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Thread: Official Pit Home Improvement/DIY thread

  1. #381
    it happens every year when you first turn on your heat. don't freak out. just give it an hour. it'll go away.

  2. #382
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    Dust burning off of your heating elements.

  3. #383
    Quote Originally Posted by iodeac View Post
    I just turned on the heat for the first time and noticed a burning smell coming from the air vents. It was enough to set off the smoke alarms, which beeped for a few seconds. Any idea What it could be? It doesn't occur with the AC set to cooling.

    Sent from my SGH-T999 using Tapatalk 2
    why are you turning on your heat in mid-august?

  4. #384
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    Quote Originally Posted by buckets View Post
    why are you turning on your heat in mid-august?
    He's married right? That'd explain it.

  5. #385
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    How can I tell if I've used enough primer to move on to paint?

    I finally primed my knotty pine paneling yesterday. First I washed down the walls, then puttied a ton of holes (but I found so many more while priming), then sanded it all down. First I gave all the knots a coat of primer - Zinsser BIN at $50 a gallon on sale! - then did a full coat of the same on the walls. The stuff is pretty thin, smelly, and annoying to work with, so I'd like to move on to paint if possible, but I want to do a good thorough job on this so it doesn't need to be re-done. Everything got covered but some areas are thicker than others due to the initial coat on the knots, then brushing versus rolling and overlapping some areas.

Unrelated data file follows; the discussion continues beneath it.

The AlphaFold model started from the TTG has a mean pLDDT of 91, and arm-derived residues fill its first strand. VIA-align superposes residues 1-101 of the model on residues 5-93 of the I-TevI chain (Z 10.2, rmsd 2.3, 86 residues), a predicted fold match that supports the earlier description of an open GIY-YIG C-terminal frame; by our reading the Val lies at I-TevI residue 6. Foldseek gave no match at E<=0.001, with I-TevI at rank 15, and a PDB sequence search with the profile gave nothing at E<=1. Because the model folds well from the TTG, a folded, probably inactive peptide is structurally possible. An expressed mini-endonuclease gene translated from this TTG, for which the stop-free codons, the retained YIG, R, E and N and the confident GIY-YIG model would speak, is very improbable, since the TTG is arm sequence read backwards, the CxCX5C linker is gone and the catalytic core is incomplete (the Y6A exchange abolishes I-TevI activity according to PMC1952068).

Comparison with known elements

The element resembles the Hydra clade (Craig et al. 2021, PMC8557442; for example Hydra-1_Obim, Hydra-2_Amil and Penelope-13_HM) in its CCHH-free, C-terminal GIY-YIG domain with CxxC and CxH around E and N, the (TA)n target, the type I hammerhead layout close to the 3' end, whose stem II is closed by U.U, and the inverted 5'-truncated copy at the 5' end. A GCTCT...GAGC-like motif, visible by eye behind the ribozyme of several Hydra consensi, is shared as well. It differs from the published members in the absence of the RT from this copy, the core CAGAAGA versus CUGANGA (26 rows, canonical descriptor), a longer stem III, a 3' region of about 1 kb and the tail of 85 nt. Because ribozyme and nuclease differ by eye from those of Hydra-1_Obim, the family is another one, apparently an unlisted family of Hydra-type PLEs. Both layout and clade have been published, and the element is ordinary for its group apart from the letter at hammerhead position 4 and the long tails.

thoughts?


  6. #386
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    Valspar pain and primer in one from Lowe's might be a good idea at this point. What color are you planning for the walls? Very dark might require two coats but otherwise one coat of the paint I mentioned would probably do it. Good luck

  7. #387
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    Quote Originally Posted by RollTheQuad06 View Post
    How can I tell if I've used enough primer to move on to paint?
    Quote Originally Posted by BacktoBack View Post
    Valspar pain and primer in one from Lowe's might be a good idea at this point. What color are you planning for the walls? Very dark might require two coats but otherwise one coat of the paint I mentioned would probably do it. Good luck
    I like to do a base coat of plain primer, then add a tinted primer as BacktoBack mentioned for the second coat. Generally, two coats of primer will allow you to only do one coat of paint if you get good coverage. Zinsser is the worst primer I've ever used, mainly because of the smell. I bought it once, and have never used it again. On the bright side, our house was bug free for a few weeks after using it.